Oh dear. Well, there was nothing I could do except simply turn off 3G data via iPhone’s system settings, which basically makes my iPhone an iPod touch where Wi-Fi is the only option. I wasn’t going to do that. For the sake of our readers, I chose to wait it out. First, let’s talk about what I do on my iPhone.

The No. 1 thing I do is use Twitter for iPhone. In my three years on the service, I’ve tweeted over 60,000 times and sent nearly twice as many direct messages. The second thing I do is email sending, receiving and moving messages around all day on an average of once every 10 minutes from 7AM to midnight. After that, I use eight different location based services to check in and “share” my location anytime I go somewhere and finally, I use apps for weather, video, news and Safari to get information on the go. This month, I also bought and downloaded the new Pearl Jam album via iTunes on my iPhone over 3G.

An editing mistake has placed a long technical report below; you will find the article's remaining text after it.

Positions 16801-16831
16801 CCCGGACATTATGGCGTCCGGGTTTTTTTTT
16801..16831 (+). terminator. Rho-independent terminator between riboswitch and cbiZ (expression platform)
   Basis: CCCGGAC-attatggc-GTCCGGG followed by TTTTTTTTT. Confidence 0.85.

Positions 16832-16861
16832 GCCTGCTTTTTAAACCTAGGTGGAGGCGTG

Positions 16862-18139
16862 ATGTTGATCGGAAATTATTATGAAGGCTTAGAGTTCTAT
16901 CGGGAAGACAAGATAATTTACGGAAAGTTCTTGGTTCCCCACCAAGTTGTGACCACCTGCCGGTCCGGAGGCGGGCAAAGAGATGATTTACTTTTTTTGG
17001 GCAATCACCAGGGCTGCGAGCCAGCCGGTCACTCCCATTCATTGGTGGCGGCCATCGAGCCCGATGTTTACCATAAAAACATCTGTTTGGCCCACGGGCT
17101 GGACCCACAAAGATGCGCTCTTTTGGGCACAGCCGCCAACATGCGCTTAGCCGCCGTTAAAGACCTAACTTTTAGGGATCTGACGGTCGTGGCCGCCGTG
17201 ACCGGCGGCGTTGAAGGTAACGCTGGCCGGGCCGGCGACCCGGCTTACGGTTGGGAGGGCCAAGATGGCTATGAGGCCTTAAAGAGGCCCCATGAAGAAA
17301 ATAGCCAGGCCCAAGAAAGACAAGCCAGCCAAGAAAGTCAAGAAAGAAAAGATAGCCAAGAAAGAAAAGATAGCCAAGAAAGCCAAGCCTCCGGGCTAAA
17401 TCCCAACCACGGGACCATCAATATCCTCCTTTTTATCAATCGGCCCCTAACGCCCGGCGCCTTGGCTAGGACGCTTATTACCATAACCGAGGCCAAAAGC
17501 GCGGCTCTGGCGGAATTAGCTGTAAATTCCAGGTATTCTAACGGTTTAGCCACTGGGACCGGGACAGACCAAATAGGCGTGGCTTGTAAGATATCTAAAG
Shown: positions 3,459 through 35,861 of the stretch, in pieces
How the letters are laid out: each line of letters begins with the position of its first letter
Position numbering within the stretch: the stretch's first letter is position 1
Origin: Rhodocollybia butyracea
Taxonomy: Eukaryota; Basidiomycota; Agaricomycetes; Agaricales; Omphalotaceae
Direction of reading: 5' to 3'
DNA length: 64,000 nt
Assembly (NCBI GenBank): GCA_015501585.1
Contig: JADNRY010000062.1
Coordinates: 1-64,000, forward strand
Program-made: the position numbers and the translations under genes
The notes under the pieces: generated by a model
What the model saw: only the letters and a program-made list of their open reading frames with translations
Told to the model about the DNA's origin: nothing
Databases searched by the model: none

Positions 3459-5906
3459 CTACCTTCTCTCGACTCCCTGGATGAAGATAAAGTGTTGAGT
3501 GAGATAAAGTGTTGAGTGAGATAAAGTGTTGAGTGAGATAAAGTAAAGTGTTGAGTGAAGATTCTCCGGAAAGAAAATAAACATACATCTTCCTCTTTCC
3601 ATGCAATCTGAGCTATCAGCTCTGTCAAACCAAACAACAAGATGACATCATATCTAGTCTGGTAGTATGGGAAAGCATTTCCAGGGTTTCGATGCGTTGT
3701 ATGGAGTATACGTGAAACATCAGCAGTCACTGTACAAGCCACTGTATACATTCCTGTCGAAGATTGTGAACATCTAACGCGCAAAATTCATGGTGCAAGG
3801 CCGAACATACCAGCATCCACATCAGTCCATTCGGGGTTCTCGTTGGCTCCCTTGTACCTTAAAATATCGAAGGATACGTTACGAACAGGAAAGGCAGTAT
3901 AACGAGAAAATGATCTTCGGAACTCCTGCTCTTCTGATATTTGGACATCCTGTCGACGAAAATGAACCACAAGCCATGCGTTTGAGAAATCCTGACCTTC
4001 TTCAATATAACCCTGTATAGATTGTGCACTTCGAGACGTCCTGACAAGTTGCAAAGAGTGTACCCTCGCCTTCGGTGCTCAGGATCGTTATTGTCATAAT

This line of service was created on August 21 and as I’m writing this it’s September 5. In 16 days with my iPhone 4, here is my current data usage.

At this rate, I will have to pay the 2GB monthly plan price of $25 plus an addition $10 for each GB I go over. It looks like I’ll be paying $20 extra this month for being a data hog. AT&T’s choice to limit us to 2GB of data is simply ridiculous and I have to remind everyone reading that I did not opt for tethering, so my iPhone data would have been above and beyond what I’ve shown above if that was the case. I did a test and in the three hours I’ve been sitting in this café syncing Twitter, email, RSS and uploading images to this blog, I’ve used 75MB of data in and 22MB out. If I was doing that tethered to my iPhone and not on the café’s Wi-Fi connection, it would count against that 2GB cap. The completely lame part of AT&T’s iPhone tethering is that it charges you $20 more just to tether your iPhone but doesn’t allow you more data. You’re still capped at 2GB. I’d happily pay $50 for 5GB of data with tethering on an iPhone but this isn’t an option.